Thursday, September 23, 2004

Looking For STUDS in Arizona

I had a really fun two days this week.

In my never-ending quest to find more Stud tournaments, Glenn and I traveled to Prescott, Arizona to play at Yavapai Casino.

They advertised a Thursday night Stud tourney on their website, and we had some business in Prescott, so we figured we'd make a two day trip out of it.

We arrived at the casino about 5:30pm on Wednesday. The whole casino was maybe the size of a medium house, lol. It was cute though, adobe style with six poker tables in the very back, separated from the rest of the casino.

The poker tables were very old and worn. I doubt they had even changed the felt since the cardroom opened.

There was one 3/6 HE game being played. The floorman told us that he could put us on the list for other games, but he doubted any of them would get started. Every game they offered (save 1-4 Stud) came with a full kill (bonus). They advertised:

1-4 Stud
1-3-3-6-6 Stud 8
6/12 HE
3/6 Omaha 8

I was interested in the Stud 8, but he said he didn't look for a game to go that day. We put our name on the interest list anyway, which already had two other names. Before long, we got it going.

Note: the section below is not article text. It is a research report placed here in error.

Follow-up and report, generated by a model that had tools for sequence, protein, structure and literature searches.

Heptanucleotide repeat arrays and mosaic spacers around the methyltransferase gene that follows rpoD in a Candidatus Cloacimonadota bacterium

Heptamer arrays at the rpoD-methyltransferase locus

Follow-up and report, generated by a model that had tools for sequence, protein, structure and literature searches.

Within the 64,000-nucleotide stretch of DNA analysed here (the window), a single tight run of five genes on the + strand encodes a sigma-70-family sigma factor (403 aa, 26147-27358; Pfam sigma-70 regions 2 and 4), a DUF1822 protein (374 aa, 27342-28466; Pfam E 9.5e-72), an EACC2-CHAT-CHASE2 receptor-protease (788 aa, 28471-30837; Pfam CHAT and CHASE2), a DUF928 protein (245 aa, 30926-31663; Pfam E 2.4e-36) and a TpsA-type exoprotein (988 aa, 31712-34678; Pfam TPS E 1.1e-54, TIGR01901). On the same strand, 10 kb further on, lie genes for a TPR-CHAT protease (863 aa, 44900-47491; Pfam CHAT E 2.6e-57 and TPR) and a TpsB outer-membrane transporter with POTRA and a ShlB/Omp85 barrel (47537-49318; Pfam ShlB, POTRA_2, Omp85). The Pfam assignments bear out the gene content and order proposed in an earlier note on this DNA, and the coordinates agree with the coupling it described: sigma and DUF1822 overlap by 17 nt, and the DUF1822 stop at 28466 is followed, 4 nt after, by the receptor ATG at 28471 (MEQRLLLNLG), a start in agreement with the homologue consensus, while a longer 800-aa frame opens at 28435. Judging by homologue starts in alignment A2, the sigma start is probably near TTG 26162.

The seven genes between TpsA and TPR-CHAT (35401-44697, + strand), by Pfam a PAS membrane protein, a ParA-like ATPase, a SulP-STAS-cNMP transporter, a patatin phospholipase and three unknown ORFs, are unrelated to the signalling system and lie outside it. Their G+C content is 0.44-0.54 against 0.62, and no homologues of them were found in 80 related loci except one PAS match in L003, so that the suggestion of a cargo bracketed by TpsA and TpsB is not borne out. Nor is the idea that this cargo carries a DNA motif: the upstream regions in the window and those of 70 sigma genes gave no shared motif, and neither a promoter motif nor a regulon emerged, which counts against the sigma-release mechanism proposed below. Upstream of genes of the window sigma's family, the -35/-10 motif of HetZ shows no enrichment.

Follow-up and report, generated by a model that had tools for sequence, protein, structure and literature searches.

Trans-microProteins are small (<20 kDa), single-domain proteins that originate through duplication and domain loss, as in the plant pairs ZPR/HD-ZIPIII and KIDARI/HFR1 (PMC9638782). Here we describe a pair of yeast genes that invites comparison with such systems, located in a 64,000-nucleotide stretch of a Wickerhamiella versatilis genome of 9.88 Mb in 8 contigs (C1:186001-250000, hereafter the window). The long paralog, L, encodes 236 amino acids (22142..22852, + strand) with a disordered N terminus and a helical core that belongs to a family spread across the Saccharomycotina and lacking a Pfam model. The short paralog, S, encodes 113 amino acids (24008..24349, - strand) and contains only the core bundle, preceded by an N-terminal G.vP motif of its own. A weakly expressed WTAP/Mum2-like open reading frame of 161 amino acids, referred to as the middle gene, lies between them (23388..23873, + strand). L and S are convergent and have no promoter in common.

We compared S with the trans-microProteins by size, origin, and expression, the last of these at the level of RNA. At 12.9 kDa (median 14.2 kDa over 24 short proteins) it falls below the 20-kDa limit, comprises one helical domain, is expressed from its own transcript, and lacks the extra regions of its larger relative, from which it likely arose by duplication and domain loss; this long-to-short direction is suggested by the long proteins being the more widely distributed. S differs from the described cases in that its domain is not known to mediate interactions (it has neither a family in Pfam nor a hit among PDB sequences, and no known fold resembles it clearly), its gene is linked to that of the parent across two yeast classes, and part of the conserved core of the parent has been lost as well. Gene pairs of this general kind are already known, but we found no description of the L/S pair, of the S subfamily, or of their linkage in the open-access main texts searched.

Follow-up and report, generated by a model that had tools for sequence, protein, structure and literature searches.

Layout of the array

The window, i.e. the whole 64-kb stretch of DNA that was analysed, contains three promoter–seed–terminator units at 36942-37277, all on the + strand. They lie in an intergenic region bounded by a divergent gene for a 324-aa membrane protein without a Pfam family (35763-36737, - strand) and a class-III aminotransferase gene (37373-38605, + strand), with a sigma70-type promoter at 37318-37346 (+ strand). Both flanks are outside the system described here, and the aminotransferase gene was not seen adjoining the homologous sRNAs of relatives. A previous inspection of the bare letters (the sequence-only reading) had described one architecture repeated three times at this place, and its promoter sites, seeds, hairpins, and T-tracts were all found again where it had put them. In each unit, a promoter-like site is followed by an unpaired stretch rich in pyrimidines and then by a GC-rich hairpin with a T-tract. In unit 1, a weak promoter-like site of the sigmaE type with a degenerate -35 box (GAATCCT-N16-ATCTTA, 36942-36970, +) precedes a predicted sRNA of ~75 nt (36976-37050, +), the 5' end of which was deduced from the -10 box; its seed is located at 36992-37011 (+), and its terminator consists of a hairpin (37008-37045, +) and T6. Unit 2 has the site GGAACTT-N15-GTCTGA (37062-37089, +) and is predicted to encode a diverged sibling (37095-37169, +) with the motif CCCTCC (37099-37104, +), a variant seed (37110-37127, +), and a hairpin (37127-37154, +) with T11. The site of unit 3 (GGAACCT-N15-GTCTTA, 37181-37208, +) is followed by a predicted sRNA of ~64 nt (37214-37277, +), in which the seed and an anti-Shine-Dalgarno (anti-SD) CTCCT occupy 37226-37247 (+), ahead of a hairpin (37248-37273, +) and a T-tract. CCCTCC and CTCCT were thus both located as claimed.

The Stud 8 had the most interesting structure I've seen. I wanted to laugh many times, but the whole thing was simply so hilarious that I felt like I was in a fantasy world the whole two days.

There was no ante. They assured me that they didn't need one, and they turned out to be right ;)

The bring-in was the low card. The minimum bring-in amount was $1.00. He could bet up to $3.00. Anyone else could call the $1.00, or raise to $3.00 on the first round. On fourth and fifth street, the bets were 1-3. On sixth and seventh they were 1-6. If a player scooped a pot, bets were doubled. So that made the game: 2-6-6-12-12. Confused yet? It took me an hour or so to figure it out. I still made the smaller bet sometimes when it was a kill pot, by mistake, but by the second day, I had it down pat.

To say that the game was soft is a vast understatement. Almost every player came in for the $1.00. I was the only player continually betting the largest amount on every street.

I was given infinite odds to draw out on my opponents, yet I charged them the maximum price to draw out on me. This created a win-win situation, and I soon found myself up about $250, lol.

I was amazed at how badly the players played their low draws. They just kept drawing to the second or third best low. I would jam them in between myself and the best high hand, and they would never give up. They would call with a rough eight, even when it was clear I had a six. They had no knowledge of the value of their hands. They also drew to the second best high hand, continuing to the river with second or third highest pair. Sure, there were a few suck-outs, but there was no way I could lose in this game. Since they were checking or betting just $1.00 throughout the hand, on every round, I started opening up my hand selection and playing very speculative hands. I was able to dump them easily and early, or jam them later, knowing I'd get paid off by the guy who didn't bother to protect his made hand in the first place.